On Memorial Day, May 26, please take a minute at 3pm to remember and honor our fallen heroes who fought in our country’s wars to keep us free. True, the holiday has become celebrated as the kick-off to summer, and a day for parades, barbeques, and parties, but its origins, still a matter of debate, were of a somber and reflective nature. We have lost 1.1 million men and women in our nation’s wars
The History of Memorial Day
There are at least two dozen towns that claim to be the birthplace of Memorial Day, first known as Decoration Day. In 1966, Congress named Waterloo, New York, as the official first site of the holiday. It was chosen because since May 5, 1866, it has hosted a community-wide event every year. The town shuts down and residents decorate soldiers’ graves with flowers and flags.
Several years before that, in 1862, the leader of a Union veterans group called the Grand Army of the Republic, called for a national day of remembrance at the end of May for strewing flowers and decorating graves. Flowers are in full bloom at that time so it seemed the best choice. May 30 was officially chosen, and made a national day of remembrance in 1868 with ceremonies at Arlington National Cemetery. Five thousand participants decorated both Union and Confederate graves
However, Columbus, Mississippi, also claims credit. On April 25, 1866, a group of women started out to lay flowers on Confederate graves. They noticed that nearby graves of Union soldiers lay barren, so they decorated them as well. The town makes its ownership claim, as does Columbus and Macon, Georgia, and Richmond, Virginia, as well as Boalsburg, Pennsylvania and Carbondale, Illinois in the north. And more.
And on May 1, 1865, a crowd of thousands memorialized Union dead in Charleston, South Carolina. A racetrack in Charleston had been turned into military prison camp. Union soldiers who died were buried in a mass grave. Former slaves built a tall fence around the area and painted a sign that read: “Martyrs of the Race Track.” They unearthed the bodies and gave them all a proper burial. Two weeks later. a parade of 10,000 people. led by 2800 black children marched and sang, along with ministers of black churches, Union officers, abolitionists, and black infantry soldiers.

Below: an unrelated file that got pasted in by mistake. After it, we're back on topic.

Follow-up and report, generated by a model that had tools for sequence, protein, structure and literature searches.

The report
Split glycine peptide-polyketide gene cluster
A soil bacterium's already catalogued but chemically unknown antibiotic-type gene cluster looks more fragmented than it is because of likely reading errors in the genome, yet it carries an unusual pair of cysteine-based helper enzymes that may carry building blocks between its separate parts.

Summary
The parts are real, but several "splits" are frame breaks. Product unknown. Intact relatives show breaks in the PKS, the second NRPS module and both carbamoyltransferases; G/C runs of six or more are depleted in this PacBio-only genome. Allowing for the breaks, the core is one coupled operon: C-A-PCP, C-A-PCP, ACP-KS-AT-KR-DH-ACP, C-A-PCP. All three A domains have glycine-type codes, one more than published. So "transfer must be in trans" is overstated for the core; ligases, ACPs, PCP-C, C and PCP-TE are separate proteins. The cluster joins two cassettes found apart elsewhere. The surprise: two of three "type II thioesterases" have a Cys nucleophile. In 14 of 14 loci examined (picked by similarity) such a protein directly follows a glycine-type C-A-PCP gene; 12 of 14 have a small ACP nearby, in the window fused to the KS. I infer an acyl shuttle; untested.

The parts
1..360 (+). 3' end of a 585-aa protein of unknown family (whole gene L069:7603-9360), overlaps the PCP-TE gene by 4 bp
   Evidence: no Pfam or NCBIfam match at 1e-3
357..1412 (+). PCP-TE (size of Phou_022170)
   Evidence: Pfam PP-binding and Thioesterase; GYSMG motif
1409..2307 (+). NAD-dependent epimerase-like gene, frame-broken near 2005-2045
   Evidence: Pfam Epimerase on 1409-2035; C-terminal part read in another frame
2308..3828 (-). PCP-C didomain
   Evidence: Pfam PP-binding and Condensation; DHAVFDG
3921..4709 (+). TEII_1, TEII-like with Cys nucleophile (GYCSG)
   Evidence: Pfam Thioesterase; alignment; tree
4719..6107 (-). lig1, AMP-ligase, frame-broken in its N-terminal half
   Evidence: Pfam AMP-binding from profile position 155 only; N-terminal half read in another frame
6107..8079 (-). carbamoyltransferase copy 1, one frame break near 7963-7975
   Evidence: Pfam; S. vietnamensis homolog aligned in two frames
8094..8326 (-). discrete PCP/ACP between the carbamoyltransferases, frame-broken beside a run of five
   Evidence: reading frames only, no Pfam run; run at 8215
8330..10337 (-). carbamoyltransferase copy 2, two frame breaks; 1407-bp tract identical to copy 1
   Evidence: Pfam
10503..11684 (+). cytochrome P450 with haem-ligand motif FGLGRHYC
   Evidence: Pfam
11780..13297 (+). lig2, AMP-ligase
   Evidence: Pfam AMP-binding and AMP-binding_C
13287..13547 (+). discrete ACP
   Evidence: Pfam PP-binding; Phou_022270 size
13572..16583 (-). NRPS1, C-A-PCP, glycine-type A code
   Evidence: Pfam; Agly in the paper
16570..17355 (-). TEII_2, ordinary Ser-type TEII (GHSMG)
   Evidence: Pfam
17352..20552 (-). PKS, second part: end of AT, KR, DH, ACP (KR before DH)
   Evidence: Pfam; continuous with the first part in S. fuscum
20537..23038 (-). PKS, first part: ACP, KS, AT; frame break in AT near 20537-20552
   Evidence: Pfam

Many southern states continue to celebrate their versions of Memorial Day on different dates. But after World War l, it was decided that Decoration Day should honor the veterans of all wars, not just the Civil War. Shortly after the war, the tradition of poppy sales was born. Veterans can be seen in various places with small paper poppies prior to the holiday. This stems from the beautiful poem written by John McCrae during the war. Here are two verses:
In Flanders fields the poppies blow
Between the crosses, row on row,
That mark our place, as in the sky
The larks still bravely singing fly
Scarce heard beneath the guns below
We are the dead. Short days ago
We lived, felt dawn, saw sunset glow
Loved and were loved, and now we lie
In Flanders fields…..
The name Memorial Day gradually became more common in the early 20th century but was not officially changed from Decoration Day until 1967. On June 28, 1968, Congress passed the Uniform Monday Holiday Act, changing four holidays to Mondays, in order to make three-day weekends. That included Memorial Day, which is now always the fourth Monday of May. Critics have said that the true meaning of the day has been lost, replaced by festivities and partying. In response, Congress passed the “National Moment of Remembrance Act” in 2000, encouraging Americans to pause at 3pm for a minute of silence.
This year, as in the first Memorial Day in 1868, five thousand people will attend the ceremony at Arlington Cemetery. All of the graves will be decorated. The President or Vice-President will lay the wreath on the tomb of the unknown soldier. We also should be sure to pause and honor our heroes.